Melody Goodman, PhD, considers her journey to receiving a PhD, and entering the academic profession, as a “most unplanned path” – one which changed her life in unexpected and fulfilling ways.
An Unplanned Path to Becoming a PhD and Scholar
When Melody started college at SUNY at Stony Brook, she thought she would become a medical doctor. But after hearing an older pre-med student talk about dissecting a cat, Melody knew that medicine was not the field for her. With her open and engaging personality, Melody sought guidance from a wide range of people about their majors. She met a student in the Honors program, who was majoring in applied mathematics and statistics. Melody explored this option, and discovered that she enjoyed every class – viewing each one as a different and exciting learning experience.
After settling into her new major (which eventually expanded to include an economics double major), Melody became involved in research through the Minority Access to Research Careers (MARC) program. Participating in this program set the stage for another life change. Even though Melody worked in investment banking for several years after graduating from college, she continued to consider a career in research due to her experience in the MARC program. While exploring MBA programs, Melody broadened her search to include PhD programs that focused on math and health. She discovered the field of biostatistics, and applied to several doctoral programs in that arena. Instead of pursuing an MBA, Melody decided to enroll in a doctoral program at the Harvard School of Public Health, and eventually earned her PhD in biostatistics.
After receiving her PhD in 2006, Melody returned to Stony Brook as an Assistant Professor of Preventive Medicine in the Graduate Program in Public Health. Melody points to a series of conversations she had with a graduate school professor as an impetus for her return to Stony Brook. The professor had listened to Melody, and other graduate students of color, express concerns about the lack of diversity among academic faculty nationwide. As Melody considered her options after graduating, she said the professor “asked me how I could not go into academia, given my strong feelings about the lack of diverse faculty in the academy.” Melody accepted her professor’s challenge. She wanted to prove that diverse faculty could do the job, and do it well. She also wanted diverse students to see a professor in the classroom who looked like them.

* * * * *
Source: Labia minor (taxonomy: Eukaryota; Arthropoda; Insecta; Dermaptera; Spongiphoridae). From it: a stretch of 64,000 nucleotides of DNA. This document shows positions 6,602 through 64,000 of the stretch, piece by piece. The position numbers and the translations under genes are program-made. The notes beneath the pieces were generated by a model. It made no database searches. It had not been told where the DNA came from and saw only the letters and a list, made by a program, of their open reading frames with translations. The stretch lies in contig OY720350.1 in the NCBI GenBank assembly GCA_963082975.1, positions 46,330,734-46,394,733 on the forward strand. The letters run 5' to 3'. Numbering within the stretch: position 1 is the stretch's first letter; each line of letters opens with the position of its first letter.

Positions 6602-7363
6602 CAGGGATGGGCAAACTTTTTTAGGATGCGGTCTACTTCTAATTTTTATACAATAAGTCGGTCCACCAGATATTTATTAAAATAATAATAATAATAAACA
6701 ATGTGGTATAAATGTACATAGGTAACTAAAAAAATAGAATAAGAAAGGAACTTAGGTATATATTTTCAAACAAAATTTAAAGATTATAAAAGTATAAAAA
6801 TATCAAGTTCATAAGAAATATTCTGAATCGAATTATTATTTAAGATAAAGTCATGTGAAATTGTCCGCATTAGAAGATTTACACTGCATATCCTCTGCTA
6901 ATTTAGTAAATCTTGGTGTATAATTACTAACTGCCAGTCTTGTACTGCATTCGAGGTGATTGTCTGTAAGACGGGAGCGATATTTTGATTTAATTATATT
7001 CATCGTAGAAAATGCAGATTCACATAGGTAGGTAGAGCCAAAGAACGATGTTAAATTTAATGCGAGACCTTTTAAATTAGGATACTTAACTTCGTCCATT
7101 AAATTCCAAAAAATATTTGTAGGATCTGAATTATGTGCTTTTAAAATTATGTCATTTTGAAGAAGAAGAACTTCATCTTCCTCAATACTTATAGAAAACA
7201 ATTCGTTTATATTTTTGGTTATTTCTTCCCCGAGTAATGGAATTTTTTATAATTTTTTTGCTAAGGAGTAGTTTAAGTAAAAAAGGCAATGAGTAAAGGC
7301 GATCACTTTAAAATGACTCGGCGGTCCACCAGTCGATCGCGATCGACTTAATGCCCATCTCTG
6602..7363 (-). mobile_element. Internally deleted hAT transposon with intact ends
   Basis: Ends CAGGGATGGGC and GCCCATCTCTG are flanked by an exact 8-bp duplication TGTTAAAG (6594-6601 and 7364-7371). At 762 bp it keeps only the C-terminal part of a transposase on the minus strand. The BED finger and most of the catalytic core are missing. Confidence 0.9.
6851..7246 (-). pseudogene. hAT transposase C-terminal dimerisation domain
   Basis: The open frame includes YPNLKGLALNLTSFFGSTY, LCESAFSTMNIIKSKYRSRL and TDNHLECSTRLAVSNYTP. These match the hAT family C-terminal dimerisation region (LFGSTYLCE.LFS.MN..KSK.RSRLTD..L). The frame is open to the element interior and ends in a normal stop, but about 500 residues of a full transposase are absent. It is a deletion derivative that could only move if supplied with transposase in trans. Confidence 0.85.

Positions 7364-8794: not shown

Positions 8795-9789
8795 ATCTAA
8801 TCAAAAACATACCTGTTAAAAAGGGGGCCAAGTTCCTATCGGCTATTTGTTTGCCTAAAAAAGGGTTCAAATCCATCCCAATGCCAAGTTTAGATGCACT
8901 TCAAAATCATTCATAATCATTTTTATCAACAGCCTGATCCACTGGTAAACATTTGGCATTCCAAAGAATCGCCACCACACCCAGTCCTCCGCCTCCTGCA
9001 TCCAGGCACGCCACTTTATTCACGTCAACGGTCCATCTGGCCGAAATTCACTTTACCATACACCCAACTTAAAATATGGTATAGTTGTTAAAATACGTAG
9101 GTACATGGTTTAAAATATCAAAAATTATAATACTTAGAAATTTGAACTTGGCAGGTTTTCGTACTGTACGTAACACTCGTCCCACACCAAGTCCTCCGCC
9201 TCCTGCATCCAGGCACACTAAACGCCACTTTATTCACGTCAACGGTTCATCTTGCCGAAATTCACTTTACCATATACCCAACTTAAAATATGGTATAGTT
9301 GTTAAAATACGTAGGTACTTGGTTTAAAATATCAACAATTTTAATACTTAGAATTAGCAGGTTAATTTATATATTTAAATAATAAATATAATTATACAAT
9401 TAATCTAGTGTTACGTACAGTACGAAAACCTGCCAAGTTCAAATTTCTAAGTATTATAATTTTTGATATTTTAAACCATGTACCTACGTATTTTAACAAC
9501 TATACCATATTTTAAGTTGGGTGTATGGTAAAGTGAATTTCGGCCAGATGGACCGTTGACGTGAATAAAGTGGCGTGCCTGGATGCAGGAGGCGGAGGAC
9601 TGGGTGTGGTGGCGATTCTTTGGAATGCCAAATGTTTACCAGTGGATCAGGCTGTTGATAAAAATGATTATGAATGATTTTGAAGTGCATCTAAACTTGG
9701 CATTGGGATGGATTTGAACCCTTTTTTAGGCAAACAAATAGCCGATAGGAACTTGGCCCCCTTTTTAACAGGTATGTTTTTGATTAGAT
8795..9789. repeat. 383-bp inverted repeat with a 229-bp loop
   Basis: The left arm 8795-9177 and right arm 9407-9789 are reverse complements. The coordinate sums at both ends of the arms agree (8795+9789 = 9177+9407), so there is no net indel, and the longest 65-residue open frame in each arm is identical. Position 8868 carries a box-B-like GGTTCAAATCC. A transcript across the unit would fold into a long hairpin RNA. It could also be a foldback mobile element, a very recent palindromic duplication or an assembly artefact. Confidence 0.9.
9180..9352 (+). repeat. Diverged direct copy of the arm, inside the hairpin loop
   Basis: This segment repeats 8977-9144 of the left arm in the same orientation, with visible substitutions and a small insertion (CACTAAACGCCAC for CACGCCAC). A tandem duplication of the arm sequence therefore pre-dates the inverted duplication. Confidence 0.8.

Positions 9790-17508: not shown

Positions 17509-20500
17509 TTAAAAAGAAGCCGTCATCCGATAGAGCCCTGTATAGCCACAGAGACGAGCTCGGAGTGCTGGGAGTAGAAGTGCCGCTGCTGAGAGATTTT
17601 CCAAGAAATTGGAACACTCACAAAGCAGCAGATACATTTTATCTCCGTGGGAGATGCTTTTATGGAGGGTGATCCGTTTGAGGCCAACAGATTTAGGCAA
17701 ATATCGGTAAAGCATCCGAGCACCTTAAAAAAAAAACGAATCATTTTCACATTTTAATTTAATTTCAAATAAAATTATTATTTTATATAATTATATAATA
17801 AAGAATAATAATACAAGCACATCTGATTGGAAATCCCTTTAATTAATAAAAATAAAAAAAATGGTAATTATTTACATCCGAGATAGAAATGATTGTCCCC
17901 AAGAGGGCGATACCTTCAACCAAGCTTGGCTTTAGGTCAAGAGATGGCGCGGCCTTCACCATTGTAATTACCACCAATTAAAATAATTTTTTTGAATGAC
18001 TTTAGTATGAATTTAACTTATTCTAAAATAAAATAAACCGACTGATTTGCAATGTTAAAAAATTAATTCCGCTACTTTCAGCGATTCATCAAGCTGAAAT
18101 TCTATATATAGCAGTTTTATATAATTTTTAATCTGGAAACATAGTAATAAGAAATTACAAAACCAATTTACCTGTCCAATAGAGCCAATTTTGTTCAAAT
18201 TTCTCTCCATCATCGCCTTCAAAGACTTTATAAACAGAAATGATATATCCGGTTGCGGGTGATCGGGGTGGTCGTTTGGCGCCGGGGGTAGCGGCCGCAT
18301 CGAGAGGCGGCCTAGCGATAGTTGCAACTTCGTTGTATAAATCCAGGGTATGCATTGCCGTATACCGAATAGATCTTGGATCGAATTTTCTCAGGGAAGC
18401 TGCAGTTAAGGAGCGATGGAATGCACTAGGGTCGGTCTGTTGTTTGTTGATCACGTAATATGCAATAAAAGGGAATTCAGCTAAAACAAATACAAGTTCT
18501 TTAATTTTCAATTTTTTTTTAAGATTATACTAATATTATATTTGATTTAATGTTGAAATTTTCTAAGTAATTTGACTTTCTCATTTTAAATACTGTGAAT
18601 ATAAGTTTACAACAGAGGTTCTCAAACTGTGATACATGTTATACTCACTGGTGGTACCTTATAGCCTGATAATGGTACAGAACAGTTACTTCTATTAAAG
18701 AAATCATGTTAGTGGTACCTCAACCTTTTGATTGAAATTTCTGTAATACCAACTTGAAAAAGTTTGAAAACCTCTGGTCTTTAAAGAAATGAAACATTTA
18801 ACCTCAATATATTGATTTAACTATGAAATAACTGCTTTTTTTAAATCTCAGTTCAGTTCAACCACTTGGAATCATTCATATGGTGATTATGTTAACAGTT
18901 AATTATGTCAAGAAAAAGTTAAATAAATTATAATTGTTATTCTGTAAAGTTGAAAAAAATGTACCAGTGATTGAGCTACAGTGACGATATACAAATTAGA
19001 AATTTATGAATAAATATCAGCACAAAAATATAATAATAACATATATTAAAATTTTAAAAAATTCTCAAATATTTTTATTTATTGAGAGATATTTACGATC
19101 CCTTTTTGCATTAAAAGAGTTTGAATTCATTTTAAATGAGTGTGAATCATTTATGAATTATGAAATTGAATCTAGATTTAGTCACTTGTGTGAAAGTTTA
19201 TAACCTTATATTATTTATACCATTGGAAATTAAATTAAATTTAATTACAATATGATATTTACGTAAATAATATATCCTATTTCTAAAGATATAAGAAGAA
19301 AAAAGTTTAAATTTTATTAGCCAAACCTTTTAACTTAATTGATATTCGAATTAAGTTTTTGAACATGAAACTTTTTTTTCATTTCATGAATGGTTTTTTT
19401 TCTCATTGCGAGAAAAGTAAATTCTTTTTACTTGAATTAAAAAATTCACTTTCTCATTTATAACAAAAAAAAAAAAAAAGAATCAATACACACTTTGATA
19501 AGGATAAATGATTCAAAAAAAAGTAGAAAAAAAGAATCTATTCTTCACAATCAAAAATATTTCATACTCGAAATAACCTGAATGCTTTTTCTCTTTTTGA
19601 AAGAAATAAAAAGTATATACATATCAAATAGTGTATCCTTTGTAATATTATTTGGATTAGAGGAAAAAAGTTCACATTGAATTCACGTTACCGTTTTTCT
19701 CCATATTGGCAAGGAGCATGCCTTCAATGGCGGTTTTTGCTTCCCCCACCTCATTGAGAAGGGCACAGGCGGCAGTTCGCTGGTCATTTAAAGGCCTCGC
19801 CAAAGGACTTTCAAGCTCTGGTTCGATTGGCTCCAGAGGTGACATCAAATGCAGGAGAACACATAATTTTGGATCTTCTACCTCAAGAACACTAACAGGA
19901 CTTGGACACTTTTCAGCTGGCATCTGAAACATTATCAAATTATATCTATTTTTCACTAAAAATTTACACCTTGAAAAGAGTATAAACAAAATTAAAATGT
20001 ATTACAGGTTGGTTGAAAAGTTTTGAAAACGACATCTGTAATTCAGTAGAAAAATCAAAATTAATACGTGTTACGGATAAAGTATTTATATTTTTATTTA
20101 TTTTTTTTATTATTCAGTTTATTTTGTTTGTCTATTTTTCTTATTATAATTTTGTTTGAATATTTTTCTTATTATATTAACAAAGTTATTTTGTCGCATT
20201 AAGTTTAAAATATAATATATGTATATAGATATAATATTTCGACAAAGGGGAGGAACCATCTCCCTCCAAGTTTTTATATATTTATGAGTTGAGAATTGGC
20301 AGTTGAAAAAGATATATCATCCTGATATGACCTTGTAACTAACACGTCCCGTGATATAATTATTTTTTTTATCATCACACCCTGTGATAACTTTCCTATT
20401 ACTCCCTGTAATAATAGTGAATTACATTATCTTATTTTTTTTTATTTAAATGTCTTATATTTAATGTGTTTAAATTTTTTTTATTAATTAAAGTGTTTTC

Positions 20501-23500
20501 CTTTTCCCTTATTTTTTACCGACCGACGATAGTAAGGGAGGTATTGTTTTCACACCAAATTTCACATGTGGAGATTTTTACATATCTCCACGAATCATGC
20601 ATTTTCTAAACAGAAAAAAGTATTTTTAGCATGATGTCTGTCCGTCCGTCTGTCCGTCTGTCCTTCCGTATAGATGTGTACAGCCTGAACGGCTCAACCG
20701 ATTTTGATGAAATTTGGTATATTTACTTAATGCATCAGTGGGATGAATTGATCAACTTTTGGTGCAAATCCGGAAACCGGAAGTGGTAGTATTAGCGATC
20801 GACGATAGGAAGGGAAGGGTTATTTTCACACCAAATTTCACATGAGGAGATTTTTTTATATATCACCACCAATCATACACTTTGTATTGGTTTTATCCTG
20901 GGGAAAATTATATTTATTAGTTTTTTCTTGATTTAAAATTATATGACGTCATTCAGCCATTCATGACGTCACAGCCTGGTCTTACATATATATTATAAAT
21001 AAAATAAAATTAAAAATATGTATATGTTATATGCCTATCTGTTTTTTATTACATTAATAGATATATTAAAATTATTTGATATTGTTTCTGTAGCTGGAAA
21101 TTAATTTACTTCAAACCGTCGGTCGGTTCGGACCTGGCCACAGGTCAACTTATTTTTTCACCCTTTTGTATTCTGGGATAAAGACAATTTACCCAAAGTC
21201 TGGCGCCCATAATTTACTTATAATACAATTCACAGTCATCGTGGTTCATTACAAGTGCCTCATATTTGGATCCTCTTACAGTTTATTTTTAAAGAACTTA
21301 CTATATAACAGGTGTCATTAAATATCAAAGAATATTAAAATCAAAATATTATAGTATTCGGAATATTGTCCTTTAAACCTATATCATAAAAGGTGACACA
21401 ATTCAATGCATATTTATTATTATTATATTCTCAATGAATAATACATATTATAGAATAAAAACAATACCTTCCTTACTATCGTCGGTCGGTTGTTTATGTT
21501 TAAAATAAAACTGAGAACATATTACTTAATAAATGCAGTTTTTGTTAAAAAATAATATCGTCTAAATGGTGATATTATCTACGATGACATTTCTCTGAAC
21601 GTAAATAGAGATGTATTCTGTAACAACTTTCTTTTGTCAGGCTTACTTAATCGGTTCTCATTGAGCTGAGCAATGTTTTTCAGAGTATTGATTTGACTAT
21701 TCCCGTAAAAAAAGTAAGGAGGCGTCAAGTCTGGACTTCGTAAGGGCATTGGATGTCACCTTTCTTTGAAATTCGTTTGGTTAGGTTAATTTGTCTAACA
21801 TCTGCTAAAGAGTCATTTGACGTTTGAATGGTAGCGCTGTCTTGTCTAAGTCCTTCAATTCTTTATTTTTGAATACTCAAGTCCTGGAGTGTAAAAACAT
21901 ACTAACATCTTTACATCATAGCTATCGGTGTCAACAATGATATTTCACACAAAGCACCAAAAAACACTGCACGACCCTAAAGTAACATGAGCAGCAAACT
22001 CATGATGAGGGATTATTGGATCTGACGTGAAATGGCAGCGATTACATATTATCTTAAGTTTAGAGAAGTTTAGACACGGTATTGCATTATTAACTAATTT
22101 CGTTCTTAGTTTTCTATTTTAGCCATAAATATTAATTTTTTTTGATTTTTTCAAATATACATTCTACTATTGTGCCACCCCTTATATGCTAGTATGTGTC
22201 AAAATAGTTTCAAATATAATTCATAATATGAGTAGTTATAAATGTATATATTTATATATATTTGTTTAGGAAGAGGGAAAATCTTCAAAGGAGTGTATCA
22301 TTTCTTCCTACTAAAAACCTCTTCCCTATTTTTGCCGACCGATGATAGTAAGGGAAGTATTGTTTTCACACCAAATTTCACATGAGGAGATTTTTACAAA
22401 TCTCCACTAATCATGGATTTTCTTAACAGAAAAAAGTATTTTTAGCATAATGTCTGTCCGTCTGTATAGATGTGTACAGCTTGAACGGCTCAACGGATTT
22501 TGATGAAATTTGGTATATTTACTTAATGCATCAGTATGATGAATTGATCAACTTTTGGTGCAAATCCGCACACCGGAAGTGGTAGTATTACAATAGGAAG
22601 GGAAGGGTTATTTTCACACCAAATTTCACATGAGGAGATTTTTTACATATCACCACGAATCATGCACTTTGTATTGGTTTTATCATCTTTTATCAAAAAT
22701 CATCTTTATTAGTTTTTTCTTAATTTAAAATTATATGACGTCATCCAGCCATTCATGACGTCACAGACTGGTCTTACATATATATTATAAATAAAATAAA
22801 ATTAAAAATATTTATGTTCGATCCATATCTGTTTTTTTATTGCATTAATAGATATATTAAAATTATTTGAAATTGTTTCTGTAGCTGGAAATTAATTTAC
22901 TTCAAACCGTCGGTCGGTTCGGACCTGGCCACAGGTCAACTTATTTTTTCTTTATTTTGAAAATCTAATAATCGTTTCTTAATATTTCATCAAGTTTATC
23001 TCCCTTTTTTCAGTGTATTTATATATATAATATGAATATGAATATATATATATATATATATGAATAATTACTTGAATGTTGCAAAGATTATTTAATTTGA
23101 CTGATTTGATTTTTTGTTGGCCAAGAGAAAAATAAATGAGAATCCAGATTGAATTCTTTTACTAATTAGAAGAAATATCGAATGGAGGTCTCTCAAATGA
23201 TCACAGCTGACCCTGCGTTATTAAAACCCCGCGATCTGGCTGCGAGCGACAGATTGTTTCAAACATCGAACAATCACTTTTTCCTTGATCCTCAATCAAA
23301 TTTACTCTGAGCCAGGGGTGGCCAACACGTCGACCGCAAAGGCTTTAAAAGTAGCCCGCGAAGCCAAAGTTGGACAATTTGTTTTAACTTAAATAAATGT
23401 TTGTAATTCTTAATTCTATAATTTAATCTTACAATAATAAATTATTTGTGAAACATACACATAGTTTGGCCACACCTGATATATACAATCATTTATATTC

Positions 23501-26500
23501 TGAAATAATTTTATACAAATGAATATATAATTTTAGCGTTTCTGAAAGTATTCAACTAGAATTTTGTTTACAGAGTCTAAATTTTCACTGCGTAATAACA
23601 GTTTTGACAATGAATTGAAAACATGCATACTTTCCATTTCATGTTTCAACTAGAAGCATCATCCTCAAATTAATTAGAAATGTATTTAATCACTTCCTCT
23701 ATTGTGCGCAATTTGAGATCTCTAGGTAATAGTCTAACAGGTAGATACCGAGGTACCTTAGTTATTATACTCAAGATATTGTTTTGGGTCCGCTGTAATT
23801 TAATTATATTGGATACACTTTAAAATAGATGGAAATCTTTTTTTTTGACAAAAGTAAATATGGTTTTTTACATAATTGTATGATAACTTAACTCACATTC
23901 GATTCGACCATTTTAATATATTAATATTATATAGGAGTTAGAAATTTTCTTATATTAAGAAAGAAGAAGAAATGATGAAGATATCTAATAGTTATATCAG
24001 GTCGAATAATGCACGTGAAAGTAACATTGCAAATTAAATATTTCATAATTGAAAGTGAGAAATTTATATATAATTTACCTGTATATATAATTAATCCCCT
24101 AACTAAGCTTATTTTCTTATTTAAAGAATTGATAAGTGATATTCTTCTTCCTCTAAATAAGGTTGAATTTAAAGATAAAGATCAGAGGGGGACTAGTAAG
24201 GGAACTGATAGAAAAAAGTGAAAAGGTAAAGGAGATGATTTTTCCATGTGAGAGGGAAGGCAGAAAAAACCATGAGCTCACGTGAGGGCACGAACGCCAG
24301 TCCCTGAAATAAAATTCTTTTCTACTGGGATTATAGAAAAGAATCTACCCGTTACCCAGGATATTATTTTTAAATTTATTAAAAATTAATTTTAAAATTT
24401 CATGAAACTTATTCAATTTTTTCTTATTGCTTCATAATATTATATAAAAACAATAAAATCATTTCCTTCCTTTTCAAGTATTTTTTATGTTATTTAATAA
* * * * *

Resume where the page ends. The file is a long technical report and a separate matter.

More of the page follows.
In 2007, while at Stony Brook, Melody applied for and received a New Connections grant. While she often worked as the biostatistician on a team of researchers, New Connections funding enabled Melody to delve into and investigate her own ideas about health disparities. She later received additional funding from RWJF to engage in community-based work, which was a burgeoning area of interest for Melody. Along with several colleagues, Melody organized a community forum to explore factors affecting the health of young Black girls in Long Island, New York.
Building a Peer Network
New Connections also opened doors for Melody to start building a peer network of fellow diverse scholars. These colleagues, many of whom she met at New Connections professional development sessions, or through her grant cohort, represented disciplines, such as sociology and psychology, that she did not frequently encounter in more traditional public health research venues. Besides organizing the forum on Black girls’ health, Melody has partnered through the years with her New Connections colleagues on research projects and publications (e.g., in 2014, Melody published an article in the American Journal of Public Health with Dr. Naa Oyo Kwate of Rutgers University). She plans to collaborate with this network throughout her career.
Melody’s professional journey took another fortuitous turn in 2011. A faculty member whom Melody knew in graduate school at Harvard invited her to join a new division of Public Health Sciences at Washington University in St. Louis (WUSTL). Melody accepted the offer, and views it as a “life change.” She considers her research at WUSTL, on developing primary prevention strategies to reduce health disparities, as “instrumental in making me who I am as a scholar – someone who is generating new knowledge.” From her start in Queens, New York, with an unplanned path to a PhD, Melody has become an active and engaged academic professional.